Tuesday morning, I went to acupuncture. It’s so relaxing there and I was so exhausted that I fell asleep, as usual, and they let me snore longer than the scheduled time. Unfortunately, that made me late to a lunch date with a CB (cancer buddy), but we actually ended up making it at the same time! I had given her poor directions…sigh! However, we had the coolest possible time because I was dealing with a divided, fuzzy brain again, and I was just straight-up with her about everything. The thing about this weird brain is it’s making me totally honest about my feelings, and I don’t care how weak and affected I act and look, no matter where I am. Even out in public, which I certainly was that day! I noticed the people in the restaurant tuning in to our conversation a lot; I guess I was talking louder than I thought, but I was so straight-up on what I was saying, I guess it captured their attention. Kinda like Paul and Silas in prison; people were a captive audience!! Fortunately, my friend didn’t care how or what I was saying as long as it was the truth. Wow. Throughout lunch, she could see the exhaustion in me, but just accepted me as I really was and was so patient and loving during the entire lunch time. She and I have been a support for one another; her multiple cancer surgeries make my experience just a blip! She’s an actress and one of the most beautiful women I’ve ever seen close up. You’d never know she’s had two cancer surgeries on her face! Her latest agent said she’s too pretty to do commercials, but she’s certainly showing them by getting a lot of work, lately. Matter of fact, she’s just been asked to consider being a host for an NBC infomercial! Too pretty, indeed! Anyway, I told her that the piece of my brain that was missing in action is the part I wanted to devote to her news and that I really wanted to hear what was going on in her life, but I just couldn’t make that connection that day. She said she didn’t care; I’ve supported and encouraged her through so much over the months, and I’ve been her mentor and inspiration. And now, it was her turn to return the favor and just let me vent. What a blessing to have her in my life right now. God is so awesome to provide just who I need. – J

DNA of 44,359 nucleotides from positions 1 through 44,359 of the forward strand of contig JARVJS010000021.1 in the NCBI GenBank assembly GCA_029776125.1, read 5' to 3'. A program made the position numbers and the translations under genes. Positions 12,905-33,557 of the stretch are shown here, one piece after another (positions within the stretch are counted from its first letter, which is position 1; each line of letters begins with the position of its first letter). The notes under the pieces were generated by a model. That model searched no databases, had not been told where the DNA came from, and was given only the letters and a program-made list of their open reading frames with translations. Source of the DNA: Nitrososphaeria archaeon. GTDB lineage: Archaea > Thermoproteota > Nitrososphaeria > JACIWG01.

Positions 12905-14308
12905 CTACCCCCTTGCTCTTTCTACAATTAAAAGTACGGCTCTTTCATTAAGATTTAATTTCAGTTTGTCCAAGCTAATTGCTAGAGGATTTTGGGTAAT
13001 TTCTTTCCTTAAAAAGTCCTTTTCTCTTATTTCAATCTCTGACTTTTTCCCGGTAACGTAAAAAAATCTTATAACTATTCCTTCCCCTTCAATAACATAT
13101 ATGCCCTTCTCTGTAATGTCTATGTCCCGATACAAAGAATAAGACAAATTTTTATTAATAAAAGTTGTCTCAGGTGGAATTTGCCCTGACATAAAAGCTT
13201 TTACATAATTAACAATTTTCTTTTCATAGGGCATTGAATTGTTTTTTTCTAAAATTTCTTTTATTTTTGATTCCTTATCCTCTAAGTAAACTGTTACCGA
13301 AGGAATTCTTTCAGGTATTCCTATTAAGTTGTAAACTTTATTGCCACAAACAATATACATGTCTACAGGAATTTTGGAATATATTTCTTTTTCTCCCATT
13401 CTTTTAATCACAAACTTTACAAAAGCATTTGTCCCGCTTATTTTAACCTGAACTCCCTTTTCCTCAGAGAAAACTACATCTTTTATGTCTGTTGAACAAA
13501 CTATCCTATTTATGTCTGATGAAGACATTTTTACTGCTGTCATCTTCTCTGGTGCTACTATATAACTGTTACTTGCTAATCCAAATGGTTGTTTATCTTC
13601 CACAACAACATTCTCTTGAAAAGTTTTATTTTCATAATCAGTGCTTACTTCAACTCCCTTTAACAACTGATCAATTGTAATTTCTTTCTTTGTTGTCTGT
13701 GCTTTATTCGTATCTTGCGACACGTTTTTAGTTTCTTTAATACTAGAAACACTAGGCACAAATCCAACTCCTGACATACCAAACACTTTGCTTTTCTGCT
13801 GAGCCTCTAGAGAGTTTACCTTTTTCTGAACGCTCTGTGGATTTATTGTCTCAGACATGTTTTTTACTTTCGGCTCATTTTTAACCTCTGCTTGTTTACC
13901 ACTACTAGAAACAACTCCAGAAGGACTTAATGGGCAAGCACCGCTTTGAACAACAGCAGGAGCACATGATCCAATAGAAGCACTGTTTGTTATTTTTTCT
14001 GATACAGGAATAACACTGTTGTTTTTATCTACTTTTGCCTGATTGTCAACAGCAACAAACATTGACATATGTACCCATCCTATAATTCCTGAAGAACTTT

9/20/05 Some troubling developments have arisen in the past several days. Julie's tiredness and fuzzy-headedness (which we had previously attributed to her austere diet) has been getting dramatically worse. Even though the nutritionist vastly expanded Julie's diet to head off any side-effects, she has precious little energy and has been having trouble staying awake and mentally focused.